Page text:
Below that, we can set the payload options. Each payload type has different options you can modify for your test. One that I use commonly is “Numbers”, which allows you to set the range, whether it’s sequential or random, the step between each attack, etc. But for our brute-force attack, we can just upload a simple list of passwords to try:
All that’s left to do is start the attack by clicking on the “Start Attack” button in the top right. A new window will pop up with your intruder session, displaying each payload that was attempted and details of the response. Request 6# had the right password for our example:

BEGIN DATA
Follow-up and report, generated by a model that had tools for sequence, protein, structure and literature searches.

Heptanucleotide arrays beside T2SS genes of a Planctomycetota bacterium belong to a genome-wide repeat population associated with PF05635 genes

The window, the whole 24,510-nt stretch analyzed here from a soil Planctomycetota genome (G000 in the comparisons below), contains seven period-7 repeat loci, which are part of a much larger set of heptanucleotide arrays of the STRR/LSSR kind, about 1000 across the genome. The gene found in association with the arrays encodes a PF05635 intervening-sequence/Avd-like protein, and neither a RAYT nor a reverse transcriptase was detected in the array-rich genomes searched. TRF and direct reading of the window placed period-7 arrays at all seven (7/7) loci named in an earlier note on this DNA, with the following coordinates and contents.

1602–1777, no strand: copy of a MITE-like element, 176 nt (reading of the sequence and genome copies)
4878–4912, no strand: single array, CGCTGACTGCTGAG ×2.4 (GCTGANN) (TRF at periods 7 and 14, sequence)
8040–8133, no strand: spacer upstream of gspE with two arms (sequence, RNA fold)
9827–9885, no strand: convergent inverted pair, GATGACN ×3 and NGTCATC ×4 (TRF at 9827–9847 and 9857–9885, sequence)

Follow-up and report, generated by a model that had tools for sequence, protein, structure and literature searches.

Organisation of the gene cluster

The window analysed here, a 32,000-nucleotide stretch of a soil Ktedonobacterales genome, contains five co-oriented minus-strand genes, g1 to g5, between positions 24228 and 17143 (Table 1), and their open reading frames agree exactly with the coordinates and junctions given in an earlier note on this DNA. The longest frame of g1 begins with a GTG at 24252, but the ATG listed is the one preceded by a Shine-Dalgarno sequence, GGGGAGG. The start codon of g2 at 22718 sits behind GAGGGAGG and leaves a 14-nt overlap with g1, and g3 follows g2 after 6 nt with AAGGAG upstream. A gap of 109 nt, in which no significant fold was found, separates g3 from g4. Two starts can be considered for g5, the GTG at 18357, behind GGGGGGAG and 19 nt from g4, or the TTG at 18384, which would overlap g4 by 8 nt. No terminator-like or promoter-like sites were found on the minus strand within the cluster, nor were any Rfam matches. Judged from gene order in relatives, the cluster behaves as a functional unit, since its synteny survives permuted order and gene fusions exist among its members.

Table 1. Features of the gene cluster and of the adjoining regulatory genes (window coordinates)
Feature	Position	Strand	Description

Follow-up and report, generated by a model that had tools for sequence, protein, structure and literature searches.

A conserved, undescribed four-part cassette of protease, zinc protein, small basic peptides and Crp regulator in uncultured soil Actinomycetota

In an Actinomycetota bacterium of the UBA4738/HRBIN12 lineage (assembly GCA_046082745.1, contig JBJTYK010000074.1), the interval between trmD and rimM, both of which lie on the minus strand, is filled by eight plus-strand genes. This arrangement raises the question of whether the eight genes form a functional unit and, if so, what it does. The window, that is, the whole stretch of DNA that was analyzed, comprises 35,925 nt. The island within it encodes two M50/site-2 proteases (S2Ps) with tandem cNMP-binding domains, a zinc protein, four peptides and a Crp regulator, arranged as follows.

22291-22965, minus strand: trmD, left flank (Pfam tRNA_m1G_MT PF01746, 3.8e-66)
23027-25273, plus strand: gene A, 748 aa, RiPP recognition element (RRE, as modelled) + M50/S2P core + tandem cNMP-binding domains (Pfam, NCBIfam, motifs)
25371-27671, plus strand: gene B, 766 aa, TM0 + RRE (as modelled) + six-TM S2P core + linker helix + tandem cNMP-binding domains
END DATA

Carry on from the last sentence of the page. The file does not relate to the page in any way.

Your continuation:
If we go back to the main window and go to the Intruder –> Options tab, we’ll find some additional settings we can configure to make the most of this tool. A very important one is the “Grep – Match” section which allows you to flag results based on a string or regular expression found in the HTML response. This will show up as an additional column in your intruder session.
Note: The free version on Burp Suite severely throttles intruder. The pro version is significantly faster.
Repeater, decoder, and comparer are also very helpful tools to have. They’re very simple to use, just right-click on your request or highlighted portion of the request and select “Send To”. PortSwigger did an amazing job of making this suite of tools very intuitive, I don’t think I need to cover those.
I hope you enjoyed, stay tuned for more tutorials!